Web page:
Data integration. For now, the iPhone only integrates natively with iCal (on a Mac), Outlook and Exchange. Fortunately, if you use Google calendar, there is a wonderful solution available from www.nuevasync.com. The folks at NuevaSync have essentially built an Exchange server that can pull your contacts and calendar from various online services (Google and Plaxo, for now) and make it available from the industry standard Exchange protocol. A brilliant idea, and a very timely one given the release of the iPhone 2.0 software which allows for Exchange integration and push. When I (or my wife) edit a calendar item online, it instantly appears on the iPhone.

App Store. As everybody predicted, there is a plethora of putative social networking revolutions, with trendy names like beepo and blue lemmingster, etc. But there are some surprisingly good apps available, and it seems the best ones are free. Some highlights: Bloomberg has an app gives you access to beautiful stock charts and a live news feed. AOL Radio provides dozens of live streaming radio channels across several genres, and it works over the cell network.

As Apple opens up the API more and more, I think the biggest impact of the iPhone will be as a new development platform for connected mobile applications. The most powerful applications of the phone are those which use the wireless broadband to connect to remote information and computing resources. It’s very satisfying, for example, to be out walking around outside and yet have access to the terabytes of satellite photos in Google Maps. On a more frivolous level, there is Shazamm, a program that will tell you the name and artist of virtually any song based on a 15 second sample played into the phone. One of the most interesting examples of the mobile-to-cloud computing paradigm is Jott, an app which will transcribe dictated notes. It records and compresses your voice at the iPhone, and then sends it to India where it is transcribed by a person and then sent back to your phone as text.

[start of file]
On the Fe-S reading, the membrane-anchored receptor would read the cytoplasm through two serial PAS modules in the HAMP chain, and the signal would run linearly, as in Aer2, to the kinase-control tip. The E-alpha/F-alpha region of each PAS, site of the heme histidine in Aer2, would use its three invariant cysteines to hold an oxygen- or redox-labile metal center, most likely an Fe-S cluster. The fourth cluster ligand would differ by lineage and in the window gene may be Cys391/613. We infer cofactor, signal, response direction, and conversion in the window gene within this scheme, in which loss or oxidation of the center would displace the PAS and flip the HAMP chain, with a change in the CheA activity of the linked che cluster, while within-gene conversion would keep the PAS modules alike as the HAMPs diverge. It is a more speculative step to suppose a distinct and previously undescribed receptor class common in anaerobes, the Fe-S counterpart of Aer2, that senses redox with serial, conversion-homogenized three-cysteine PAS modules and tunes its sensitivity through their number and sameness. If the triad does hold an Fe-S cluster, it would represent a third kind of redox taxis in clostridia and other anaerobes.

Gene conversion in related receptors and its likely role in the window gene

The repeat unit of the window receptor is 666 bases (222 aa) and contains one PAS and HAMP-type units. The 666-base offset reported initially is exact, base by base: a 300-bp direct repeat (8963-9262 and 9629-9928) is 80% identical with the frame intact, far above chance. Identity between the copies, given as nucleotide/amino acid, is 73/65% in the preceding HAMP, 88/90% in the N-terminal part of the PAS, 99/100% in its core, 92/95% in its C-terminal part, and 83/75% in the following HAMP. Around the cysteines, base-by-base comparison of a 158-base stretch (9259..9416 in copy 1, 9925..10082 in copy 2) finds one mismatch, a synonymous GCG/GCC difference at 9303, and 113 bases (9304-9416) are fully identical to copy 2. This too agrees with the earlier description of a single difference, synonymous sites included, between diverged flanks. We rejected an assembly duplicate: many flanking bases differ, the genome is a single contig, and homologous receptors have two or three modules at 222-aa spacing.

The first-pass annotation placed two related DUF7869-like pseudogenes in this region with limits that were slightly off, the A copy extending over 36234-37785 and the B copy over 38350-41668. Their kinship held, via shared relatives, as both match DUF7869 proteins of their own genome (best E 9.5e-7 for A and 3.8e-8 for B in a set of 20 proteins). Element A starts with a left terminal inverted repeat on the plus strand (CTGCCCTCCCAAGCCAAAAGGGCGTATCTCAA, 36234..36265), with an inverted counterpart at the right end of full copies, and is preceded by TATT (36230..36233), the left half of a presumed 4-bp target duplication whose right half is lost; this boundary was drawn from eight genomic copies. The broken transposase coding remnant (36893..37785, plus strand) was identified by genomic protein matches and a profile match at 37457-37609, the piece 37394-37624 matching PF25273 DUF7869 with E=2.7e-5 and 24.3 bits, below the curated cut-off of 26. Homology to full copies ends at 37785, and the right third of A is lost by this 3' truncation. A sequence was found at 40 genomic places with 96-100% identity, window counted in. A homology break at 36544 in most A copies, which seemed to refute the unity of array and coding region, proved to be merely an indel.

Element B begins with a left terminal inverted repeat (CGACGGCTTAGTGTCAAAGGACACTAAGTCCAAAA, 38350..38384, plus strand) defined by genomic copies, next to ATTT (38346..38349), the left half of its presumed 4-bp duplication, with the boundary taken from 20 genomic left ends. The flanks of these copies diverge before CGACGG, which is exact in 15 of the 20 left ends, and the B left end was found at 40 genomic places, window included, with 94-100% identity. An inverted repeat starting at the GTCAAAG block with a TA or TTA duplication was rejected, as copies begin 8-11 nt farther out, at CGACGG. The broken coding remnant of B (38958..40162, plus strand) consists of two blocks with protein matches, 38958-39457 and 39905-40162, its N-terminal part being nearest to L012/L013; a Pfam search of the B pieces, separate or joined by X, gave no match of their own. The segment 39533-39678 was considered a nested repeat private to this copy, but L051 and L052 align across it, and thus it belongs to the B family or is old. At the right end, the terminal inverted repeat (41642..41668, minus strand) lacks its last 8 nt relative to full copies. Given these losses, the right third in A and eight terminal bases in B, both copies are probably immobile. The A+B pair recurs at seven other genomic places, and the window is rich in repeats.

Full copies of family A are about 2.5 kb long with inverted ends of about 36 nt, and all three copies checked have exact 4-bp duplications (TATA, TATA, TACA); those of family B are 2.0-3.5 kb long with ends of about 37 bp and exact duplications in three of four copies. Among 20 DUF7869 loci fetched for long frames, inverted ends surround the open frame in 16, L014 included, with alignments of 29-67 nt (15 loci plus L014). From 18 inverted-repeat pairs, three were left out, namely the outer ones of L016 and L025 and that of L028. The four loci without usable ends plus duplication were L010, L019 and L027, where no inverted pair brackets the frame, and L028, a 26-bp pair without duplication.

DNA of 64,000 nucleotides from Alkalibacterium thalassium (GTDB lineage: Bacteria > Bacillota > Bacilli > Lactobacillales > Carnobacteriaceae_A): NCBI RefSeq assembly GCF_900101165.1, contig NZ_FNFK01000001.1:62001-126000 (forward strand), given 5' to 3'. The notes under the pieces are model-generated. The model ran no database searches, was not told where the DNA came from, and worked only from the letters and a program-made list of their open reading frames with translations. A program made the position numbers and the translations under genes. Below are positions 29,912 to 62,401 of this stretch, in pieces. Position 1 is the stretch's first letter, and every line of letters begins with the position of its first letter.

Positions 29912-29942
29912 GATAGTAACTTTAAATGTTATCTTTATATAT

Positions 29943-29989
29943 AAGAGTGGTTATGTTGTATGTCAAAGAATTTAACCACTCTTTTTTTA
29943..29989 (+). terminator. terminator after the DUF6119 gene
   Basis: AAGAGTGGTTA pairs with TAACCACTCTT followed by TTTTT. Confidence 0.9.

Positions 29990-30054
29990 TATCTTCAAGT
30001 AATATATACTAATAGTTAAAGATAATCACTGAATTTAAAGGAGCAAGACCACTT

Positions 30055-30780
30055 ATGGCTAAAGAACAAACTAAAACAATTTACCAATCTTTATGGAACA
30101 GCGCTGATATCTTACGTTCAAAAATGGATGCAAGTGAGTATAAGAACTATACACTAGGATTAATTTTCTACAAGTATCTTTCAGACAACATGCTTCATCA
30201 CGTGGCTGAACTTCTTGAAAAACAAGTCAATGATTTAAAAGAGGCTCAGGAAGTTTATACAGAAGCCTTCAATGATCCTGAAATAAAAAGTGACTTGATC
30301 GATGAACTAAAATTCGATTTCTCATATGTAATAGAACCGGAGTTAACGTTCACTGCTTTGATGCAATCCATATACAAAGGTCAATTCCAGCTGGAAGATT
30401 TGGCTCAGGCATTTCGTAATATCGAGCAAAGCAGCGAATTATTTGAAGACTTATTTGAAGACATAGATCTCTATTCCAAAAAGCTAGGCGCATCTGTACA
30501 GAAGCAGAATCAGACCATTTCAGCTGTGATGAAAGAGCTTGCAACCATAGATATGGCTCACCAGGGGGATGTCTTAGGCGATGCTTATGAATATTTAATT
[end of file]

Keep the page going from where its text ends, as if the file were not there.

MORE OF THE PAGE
I’m looking forward to seeing what other kinds of applications are enabled by having a computer in your pocket with an always-on broadband internet connection. The iPhone isn’t so much a phone in this context as it is a rich mobile interface to remote supercomputers (and underpaid Indians).

What’s missing. Cut and paste, for one. Video conferencing. Live mobile TV, such as AT&T makes available on some of their other cell phones. Flash support in the browser. The ability to read PDFs anywhere but within an e-mail attachment or from a webpage. Push Gmail.